Figure 3
figure 3

Comments about concept of QPL in focus groups/individual interviews

Participants recommended a written introduction to the QPL defining PC, endorsing question asking during the current and subsequent consultations, encouraging people to keep the QPL for future reference and reassuring patients that not all questions may be relevant to them. Most patients and carers and approximately half of the health professionals felt that the prompt list should be given prior to or during the first consultation with the PC team. The remainder felt that the QPL should be given later, for example, at the second or third consultation.

A total of 104 questions within eight categories were identified via the focus groups and individual interviews. Eight additional questions were added as a result of feedback from health professionals. The final draft QPL was a booklet titled ‘Asking questions can help: an aid for people seeing the PC team’ (see Appendix A).

Results of pilot study

Of the 23 participants, 20 completed their post consultation questionnaires, the remaining three became acutely unwell but gave verbal feedback to the research nurse following the consultation. In all, 11 patients completed the 3-week follow-up questionnaires (five patients were too unwell, four died, two did not respond to a reminder and one patient's carer requested no further involvement).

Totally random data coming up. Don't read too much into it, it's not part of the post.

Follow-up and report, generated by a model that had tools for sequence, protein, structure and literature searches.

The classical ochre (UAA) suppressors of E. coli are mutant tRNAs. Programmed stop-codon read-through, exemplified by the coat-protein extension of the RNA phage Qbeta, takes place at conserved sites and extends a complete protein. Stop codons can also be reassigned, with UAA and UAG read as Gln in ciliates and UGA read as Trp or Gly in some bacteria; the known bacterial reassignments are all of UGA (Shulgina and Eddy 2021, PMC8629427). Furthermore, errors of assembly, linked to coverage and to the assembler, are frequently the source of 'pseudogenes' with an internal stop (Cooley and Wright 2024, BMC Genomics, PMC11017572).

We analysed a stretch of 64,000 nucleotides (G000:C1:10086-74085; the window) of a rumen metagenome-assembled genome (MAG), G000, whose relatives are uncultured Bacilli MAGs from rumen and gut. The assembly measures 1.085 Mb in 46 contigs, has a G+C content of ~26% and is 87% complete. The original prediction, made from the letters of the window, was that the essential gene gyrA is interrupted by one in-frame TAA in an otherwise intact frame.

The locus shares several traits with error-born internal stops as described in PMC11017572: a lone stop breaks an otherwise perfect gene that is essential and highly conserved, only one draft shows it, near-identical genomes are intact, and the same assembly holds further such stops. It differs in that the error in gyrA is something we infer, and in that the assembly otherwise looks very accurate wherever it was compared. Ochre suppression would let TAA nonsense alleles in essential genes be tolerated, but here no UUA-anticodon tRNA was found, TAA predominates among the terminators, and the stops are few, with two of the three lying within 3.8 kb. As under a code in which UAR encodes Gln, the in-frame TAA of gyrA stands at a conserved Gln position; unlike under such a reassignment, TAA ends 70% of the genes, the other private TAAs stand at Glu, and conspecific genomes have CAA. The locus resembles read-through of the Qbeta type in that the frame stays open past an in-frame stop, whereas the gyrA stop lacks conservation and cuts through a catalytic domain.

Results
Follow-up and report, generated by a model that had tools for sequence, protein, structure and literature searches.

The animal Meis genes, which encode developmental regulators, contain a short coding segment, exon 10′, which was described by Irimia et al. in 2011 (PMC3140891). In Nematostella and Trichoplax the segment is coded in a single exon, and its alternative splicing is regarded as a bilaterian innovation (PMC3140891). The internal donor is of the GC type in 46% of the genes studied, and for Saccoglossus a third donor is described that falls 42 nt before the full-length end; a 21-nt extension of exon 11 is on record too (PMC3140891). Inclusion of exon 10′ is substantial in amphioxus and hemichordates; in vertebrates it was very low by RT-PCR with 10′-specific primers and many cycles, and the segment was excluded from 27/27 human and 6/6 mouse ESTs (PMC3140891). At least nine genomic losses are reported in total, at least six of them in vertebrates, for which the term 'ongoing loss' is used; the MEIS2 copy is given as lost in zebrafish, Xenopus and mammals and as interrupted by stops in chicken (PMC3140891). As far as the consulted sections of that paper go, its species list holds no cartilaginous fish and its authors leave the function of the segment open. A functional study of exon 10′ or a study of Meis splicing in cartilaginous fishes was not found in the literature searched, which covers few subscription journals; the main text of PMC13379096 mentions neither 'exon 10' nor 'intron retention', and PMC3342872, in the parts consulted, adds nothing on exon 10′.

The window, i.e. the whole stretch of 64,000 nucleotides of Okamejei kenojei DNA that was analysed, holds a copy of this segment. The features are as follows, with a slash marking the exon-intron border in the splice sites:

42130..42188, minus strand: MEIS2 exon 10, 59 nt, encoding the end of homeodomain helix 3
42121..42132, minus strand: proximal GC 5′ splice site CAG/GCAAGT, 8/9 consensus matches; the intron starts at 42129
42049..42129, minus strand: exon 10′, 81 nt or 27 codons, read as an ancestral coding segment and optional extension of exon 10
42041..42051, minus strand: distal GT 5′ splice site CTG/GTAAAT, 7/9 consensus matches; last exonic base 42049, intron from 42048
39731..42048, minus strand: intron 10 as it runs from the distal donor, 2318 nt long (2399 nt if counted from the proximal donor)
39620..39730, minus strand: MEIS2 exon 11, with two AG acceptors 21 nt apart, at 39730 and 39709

Patient feedback on QPL from pilot study

Patients' views about the QPL are outlined in Table 2 and Figure 4. Only one patient responded negatively, more to the process of participating in research than to the QPL itself.

Table 2 Patient and carer feedback about QPL from pilot study
Figure 4
figure 4

Feedback about QPL from pilot study

Anxiety scores decreased after receiving the booklet and seeing the doctor in 16 patients and increased by a minimal amount in two patients and more substantially in one (increase of 20 points). The overall anxiety decreased by a median of 8 (IQR=1–13).

Patients suggested removing only one question: ‘How can you make sure that I have died?’, but endorsed a similar question for carers ‘How do I know when he/she has died?’ and the other end-of-life questions, even if they themselves did not want to ask such questions in the current consultation. Some patients specifically said that they valued the end-of-life section and that it made it easier to raise these issues with their doctor. The carer of one patient who died 1 week after participating in the study contacted us to say that the QPL acted as a catalyst for discussion about end-of-life issues that they had not been able to broach previously. No additional questions were suggested.

Doctor feedback on QPL from pilot study